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[] Newsweek 03.03.03: Wired For Battle,

March 3, 2003
Pg. 32

Wired For Battle

Booting up the FBCB2?American soldiers' best weapon yet for cutting through 
the fog of war

By T. Trent Gegax

 From the front seat of his scout Humvee, Sgt. Travis Palmer looks out at 
the rocky landscape of Fort Hood, Texas. It doesn t seem like there s much 
out there but the laptop mounted on his dashboard tells Palmer otherwise.

On the color touchscreen, red and blue icons pinpoint the battlefield 
positions of enemies and friendlies. Yellow diamonds mark chemical and 
biological bomb-fallout zones. Green lines surround a minefield and a 
dotted line reveals a safe bridge through it. Were he to come under attack, 
Palmer wouldn t reach for his compass, map and radio a soldier s timeless 
tools. He d grab the rubber-coated keyboard at his side and send the 
appropriate e-mail to his commander, who d instantly receive his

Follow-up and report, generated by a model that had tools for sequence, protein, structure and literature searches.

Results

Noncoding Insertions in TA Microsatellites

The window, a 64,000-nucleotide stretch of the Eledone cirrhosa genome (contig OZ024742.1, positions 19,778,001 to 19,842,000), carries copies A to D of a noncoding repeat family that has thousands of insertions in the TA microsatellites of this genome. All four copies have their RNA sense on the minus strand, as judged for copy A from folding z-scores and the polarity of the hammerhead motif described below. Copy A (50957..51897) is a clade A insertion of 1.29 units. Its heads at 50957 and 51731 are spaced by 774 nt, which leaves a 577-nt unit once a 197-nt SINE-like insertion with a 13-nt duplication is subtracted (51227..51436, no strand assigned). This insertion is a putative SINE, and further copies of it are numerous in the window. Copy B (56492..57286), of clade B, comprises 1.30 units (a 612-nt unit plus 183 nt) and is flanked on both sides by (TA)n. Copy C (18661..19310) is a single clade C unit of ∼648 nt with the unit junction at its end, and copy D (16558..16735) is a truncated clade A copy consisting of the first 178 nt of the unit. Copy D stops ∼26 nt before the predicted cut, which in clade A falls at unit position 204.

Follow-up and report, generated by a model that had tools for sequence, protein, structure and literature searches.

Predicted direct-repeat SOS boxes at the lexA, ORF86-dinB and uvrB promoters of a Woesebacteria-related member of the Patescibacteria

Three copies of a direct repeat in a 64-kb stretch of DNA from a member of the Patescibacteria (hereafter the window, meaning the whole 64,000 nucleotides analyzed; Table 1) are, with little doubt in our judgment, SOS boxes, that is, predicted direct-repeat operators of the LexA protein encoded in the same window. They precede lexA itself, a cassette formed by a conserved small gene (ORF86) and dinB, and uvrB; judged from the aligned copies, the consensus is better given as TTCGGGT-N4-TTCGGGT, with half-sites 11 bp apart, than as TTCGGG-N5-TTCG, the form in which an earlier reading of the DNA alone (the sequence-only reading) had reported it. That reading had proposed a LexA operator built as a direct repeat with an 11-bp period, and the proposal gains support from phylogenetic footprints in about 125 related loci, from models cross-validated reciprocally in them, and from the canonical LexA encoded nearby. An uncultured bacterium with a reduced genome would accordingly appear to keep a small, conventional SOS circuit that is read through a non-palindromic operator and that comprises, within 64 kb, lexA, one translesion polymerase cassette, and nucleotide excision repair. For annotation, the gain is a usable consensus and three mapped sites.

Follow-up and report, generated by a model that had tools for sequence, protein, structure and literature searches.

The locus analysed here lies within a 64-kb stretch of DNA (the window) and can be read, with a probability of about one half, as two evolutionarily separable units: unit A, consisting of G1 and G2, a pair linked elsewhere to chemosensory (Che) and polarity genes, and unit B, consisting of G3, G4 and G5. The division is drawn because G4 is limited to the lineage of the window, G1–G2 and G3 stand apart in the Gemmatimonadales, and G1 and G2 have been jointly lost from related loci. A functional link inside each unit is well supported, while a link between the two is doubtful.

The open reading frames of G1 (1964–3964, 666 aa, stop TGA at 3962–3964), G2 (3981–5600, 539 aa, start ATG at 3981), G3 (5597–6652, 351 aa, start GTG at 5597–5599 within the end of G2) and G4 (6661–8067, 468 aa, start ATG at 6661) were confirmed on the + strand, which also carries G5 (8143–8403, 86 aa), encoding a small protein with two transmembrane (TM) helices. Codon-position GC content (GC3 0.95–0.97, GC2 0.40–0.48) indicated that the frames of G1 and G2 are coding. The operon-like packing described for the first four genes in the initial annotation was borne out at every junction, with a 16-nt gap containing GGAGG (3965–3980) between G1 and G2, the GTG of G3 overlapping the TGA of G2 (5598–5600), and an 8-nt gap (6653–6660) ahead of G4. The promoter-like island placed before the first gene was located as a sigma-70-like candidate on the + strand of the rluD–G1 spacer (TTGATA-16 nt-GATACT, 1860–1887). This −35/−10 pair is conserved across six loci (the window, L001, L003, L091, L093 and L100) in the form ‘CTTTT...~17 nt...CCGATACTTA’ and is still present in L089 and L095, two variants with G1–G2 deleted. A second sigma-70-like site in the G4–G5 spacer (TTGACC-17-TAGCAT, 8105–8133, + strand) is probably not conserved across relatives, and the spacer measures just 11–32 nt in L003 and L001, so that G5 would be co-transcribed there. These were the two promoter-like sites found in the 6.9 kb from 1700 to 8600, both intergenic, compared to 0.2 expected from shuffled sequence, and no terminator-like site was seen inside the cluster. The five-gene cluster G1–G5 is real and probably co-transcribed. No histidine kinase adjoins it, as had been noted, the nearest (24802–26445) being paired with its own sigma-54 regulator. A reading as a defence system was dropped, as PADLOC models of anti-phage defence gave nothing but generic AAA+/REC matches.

coordinates and send in reinforcements.

No such danger today. Palmer, a 29-year-old New Yorker with the Army s 
First Cavalry Division, is training on the latest in battlefield 
communications equipment. In an actual combat situation an invasion of 
Iraq, say his commander could forward Palmer s e-mail from the front 
straight to Gen. Tommy Franks s in box. It s automatic, says Palmer. I don 
t need all kinds of books to find who to send information to. It just makes 
my job easier.

Dubbed Force XXI Battle Command, Brigade and Below FBCB2 in Army-speak the 
Internet-based communications system was beta-tested in Bosnia during the 
1990s with promising results. Now it s being rolled out to Army divisions 
and select Marine units. It s standard equipment in thousands of Humvees, 
tanks and helicopters camped on Iraq s southern and northern doorsteps. The 
generals hope that giving soldiers on the ground a near-omniscient view of 
the battlefield will help lift the chaotic fog of war that can lead to 
mistakes, and friendly fire casualties. The Tactical Internet, as FBCB2 is 
called, takes data collected from thousands of Global Positioning Satellite 
sensors aboard vehicles and aircraft and integrates them with battlefield